The new legislation can be complex, yet it is critical to note the anti-harassment training requirements for both public and private entities. As a manager, it is your responsibility to ensure that your organization is hosting the appropriate training per New York City and New York State laws. To reiterate, it is critical to contact your in-house lawyer to determine whether you are in full compliance.
That said, let’s start with the training requirements instituted by the updated New York State law. Under state law, every employer must provide anti-sexual harassment training and a written anti-harassment policy to all employees starting in October of this year. The actual training delivered can be the model training developed by the New York Department of Labor and Division of Human Rights or your own organization’s training that meets certain minimum standards.
You can find a full list of those standards here. As an example, the training must be interactive, must include examples of conduct that would constitute unlawful sexual harassment, and must include information addressing conduct by supervisors and any additional responsibilities for supervisors. “Interactive” training means that the training may be web-based with questions asked of employees, accommodate employee questions, include a live trainer to answer questions during the session, and/or require feedback from employees about the training and materials presented. Starting on October 9, 2018, each employee must start receiving training on an annual basis. That training must be completed by January 1, 2019, and for every year thereafter.
Unlike New York City’s law, New York State does not require employers to track employees’ attendance at trainings. That said, it still would be wise to do so, as your organization will have a record should a complaint—or potentially litigation—arise.
If your organization is located in New York City, you will also have to comply with training requirements under the Stop Sexual Harassment in NYC Act. Compared to New York State law, however, New York City’s annual anti-sexual harassment training requirement only applies to employers with 15 or more employees. Effective in April 2019, employers have one year to implement the training and ensure that all employees receive subsequent annual trainings. Don’t forget, though, that while the training requirement applies to organizations with 15 or more employees, your organization—regardless of the size—still must protect all employees, interns, and relevant non-employees from sexual harassment.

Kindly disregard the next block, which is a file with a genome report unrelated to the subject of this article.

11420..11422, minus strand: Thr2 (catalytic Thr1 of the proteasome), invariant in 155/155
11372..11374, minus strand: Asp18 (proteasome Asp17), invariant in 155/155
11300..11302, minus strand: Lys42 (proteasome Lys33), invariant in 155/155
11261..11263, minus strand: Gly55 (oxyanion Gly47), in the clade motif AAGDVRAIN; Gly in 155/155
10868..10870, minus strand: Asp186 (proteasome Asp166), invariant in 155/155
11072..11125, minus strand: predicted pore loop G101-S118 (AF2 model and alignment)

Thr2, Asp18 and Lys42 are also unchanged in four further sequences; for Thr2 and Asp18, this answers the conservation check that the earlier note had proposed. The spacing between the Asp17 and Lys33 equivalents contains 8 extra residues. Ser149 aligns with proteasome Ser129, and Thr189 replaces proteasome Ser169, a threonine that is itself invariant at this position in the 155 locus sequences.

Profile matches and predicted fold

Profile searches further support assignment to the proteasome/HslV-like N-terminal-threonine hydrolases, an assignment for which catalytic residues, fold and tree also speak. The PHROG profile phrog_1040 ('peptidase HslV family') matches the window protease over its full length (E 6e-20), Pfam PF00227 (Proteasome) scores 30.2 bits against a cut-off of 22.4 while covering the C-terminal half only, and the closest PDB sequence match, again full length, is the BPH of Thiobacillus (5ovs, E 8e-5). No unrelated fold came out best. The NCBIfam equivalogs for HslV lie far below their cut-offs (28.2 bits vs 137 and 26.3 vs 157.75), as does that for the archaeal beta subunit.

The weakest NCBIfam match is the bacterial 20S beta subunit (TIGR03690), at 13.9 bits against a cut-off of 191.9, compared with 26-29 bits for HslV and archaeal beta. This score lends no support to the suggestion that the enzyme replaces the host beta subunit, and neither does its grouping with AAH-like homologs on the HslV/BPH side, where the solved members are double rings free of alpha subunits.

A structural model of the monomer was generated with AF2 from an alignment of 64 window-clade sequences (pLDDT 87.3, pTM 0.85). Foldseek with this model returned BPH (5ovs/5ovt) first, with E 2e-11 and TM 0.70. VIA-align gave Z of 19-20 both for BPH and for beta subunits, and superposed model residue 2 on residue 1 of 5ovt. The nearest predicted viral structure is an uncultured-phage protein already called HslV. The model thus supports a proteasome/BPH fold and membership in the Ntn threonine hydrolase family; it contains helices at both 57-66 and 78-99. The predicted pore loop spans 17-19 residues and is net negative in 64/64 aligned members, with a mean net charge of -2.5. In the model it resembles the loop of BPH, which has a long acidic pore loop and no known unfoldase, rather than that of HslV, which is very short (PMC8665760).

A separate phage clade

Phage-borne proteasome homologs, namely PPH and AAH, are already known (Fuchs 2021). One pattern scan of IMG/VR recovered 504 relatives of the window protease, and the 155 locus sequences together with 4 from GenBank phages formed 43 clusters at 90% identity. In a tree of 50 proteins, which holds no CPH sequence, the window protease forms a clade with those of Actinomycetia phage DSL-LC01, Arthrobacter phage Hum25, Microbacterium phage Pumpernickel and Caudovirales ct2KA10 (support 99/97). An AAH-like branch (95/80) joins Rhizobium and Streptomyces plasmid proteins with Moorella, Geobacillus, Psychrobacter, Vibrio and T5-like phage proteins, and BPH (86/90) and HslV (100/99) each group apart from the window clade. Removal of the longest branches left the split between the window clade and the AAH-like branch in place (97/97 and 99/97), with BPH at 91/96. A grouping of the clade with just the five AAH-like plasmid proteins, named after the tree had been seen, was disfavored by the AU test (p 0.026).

As for the actual training required, employers have two options—similar to New York State law. First, they can use the training provided by the New York City Commission on Human Rights. This training will be available on the Commission’s website in the coming months. The other option is for employers to provide their own anti-sexual harassment training. That said, employers’ training must include several elements, including an explanation of sexual harassment as a form of unlawful discrimination under local law, a description of what sexual harassment is (using examples), and an internal complaint process available to employees through their employer to address any sexual harassment claims. The full list of required elements can be found here.
Critically, under the Stop Sexual Harassment in NYC Act, employers must keep records of all trainings. These records need to include signed employee acknowledgments indicating that they attended the training. These records can be kept in paper or electronic form.
Do Your Diligence
All managers are strapped for time. We have one million things to do and little time to do them. Having said that, if your business or organization is located in New York, you must spend some time ensuring that, at a minimum, you are complying with New York State’s new laws on sexual harassment. While you will want to contact your organization’s attorney with any specific questions, ensuring that you have an adequate training program will go far in fulfilling your compliance duties.
TrainingABC has two new courses that cover the requirements for these new laws - Sexual Harassment Prevention in New York and Sexual Harassment Prevention in New York for Managers.